No one likes drama. Especially at work!
Eliminating Animosity and Drama in Your Workplace
As a leader, you cannot accept the drama, gossip, and animosity that sometimes brews in a place of business. It’s inevitable, no matter how much you would like everything in harmony. Drama happens. People may talk behind others backs (gossip), judge appearance, and then it bleeds into work activities, and work ethic.
One thing I have seen is that REALLY good people will not stay in a place where the environment is shitty.
First thing is first. Make sure that it isn’t you, the leader or manager that is the problem. If you are the source of the drama or negativity, you got some work to do. No one else will change you and in fact, most of the people that work with or for you will stop trying for fear that you will verbally beat the crap out of them. You need to look in the mirror, get introspective. Look at your stress levels, your work ethic and so on. You should be certain first and foremost that you are not the source of any of the things you don’t want to be represented in your workplace or in your life for that matter.
Then you’ve got some clean up to do. Here are 5 simple steps to eliminating and then keeping your “house” clear of drama.
- One of the first and best things you can and should do is to set clear expectations with your people. Do this right away. Do it upon hire, and then have the self-accountability to follow through when something does arise. (NOTE – I said when, because inevitably it will… this is not an if, but a when it shows up.)
- When you overhear something being said negatively, especially if it’s about another person. Approach it immediately, in the moment. Do not wait and let things fester or grow.
- Approach all concerns no matter how small – address these issues head on. Meaning that you may need to pull the concerned (gossipy, drama spewing) individual into a private office and have a one-on-one conversation. Sometimes, it’s just that people want to be heard and if you lend them an ear it can clear the air.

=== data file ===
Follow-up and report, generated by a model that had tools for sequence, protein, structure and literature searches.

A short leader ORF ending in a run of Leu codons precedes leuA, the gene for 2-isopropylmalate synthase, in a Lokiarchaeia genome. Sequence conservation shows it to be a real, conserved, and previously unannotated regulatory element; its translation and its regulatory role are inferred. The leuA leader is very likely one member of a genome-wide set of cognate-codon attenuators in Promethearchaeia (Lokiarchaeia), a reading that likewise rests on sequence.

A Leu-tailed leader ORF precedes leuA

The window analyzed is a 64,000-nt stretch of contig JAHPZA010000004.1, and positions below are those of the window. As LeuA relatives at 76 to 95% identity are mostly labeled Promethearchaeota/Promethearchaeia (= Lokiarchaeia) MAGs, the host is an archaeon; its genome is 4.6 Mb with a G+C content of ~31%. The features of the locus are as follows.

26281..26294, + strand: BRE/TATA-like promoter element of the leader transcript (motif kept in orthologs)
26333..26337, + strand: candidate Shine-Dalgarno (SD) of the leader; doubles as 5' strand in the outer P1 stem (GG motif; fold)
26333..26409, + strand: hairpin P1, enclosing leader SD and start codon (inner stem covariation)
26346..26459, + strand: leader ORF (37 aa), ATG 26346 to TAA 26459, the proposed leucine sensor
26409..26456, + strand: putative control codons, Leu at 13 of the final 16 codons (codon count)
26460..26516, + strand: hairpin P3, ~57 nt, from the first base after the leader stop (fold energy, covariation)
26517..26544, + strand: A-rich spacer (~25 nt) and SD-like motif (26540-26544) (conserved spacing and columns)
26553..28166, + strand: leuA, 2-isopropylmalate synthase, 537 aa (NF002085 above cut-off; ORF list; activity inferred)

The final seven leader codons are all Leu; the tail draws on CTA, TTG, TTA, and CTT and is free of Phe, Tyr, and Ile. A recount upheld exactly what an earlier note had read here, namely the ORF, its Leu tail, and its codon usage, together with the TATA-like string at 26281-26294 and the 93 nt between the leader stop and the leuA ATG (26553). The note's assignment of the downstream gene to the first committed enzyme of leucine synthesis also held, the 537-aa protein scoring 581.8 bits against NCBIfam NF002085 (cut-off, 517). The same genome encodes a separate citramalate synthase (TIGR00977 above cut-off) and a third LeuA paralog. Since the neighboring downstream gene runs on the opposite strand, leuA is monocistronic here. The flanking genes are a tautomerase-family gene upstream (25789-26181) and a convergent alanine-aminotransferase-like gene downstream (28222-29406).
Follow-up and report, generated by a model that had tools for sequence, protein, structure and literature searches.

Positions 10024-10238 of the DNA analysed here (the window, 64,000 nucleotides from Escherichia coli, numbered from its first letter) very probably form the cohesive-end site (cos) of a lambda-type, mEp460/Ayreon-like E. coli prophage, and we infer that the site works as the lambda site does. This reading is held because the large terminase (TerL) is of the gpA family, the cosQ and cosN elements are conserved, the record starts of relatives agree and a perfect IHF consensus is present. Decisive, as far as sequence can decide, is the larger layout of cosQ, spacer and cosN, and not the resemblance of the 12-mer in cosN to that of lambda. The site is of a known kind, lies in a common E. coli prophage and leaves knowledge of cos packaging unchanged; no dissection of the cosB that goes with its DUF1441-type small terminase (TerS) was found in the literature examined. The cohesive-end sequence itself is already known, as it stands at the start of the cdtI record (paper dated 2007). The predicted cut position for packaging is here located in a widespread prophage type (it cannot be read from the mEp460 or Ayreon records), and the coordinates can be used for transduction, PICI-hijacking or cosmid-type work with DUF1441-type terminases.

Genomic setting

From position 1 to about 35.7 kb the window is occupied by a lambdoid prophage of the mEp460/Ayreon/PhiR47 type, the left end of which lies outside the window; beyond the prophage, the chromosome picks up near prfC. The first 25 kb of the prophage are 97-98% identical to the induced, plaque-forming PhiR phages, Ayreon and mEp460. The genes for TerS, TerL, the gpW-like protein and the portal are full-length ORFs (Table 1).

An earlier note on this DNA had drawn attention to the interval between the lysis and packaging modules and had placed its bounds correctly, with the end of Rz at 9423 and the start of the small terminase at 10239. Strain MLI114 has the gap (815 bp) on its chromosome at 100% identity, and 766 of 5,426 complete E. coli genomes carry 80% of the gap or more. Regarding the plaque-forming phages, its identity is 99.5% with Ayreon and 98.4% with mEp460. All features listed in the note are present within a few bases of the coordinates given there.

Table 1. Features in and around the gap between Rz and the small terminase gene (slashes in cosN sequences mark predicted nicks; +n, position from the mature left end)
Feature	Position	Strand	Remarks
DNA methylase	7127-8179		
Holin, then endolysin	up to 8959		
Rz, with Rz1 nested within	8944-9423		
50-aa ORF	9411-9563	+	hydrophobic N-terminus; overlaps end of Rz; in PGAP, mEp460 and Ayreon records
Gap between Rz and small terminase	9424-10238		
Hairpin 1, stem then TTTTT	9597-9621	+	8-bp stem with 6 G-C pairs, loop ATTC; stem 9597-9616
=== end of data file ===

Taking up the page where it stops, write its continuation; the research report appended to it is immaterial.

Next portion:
- If more than one party is involved (assuming it isn’t a volatile situation). Include both parties in a group conversation and help to mediate and steer it positively. So often, gossip and drama spread simply because of a different viewpoint. If you help to bring both or multiple people together through communication it can clear things up quickly. PLUS – it’s hard to look at another human, especially one that you work with daily, in the face and still be willing to perpetuate a crappy attitude.
- When it comes to drama or negativity, you may need to remind your team who is the boss. And I don’t mean in an authoritarian kind of way, I just mean remind EVERYONE that you don’t allow negativity, gossip or drama, and if there is a legitimate concern, YOU should be the one to address it head on. You don’t need peer resolution or a peer judgment team on these issues.
Keep in mind that even before approaching any of these steps, you must have integrity to follow through with what you say you will do. By setting clear expectations, and having the accountability to follow through if anger, negativity, gossip or drama do show up; you will gain the respect of your peers and your people and it will help maintain a positive and healthy environment where people can make the office their sanctuary. Their safe place because they know it will be upbeat, positive and they know what to expect.
- Set clear expectations
- Approach it immediately
- Address these issues head on
- Include both parties in a group conversation and help to mediate and steer it positively
- Remind your team who is the boss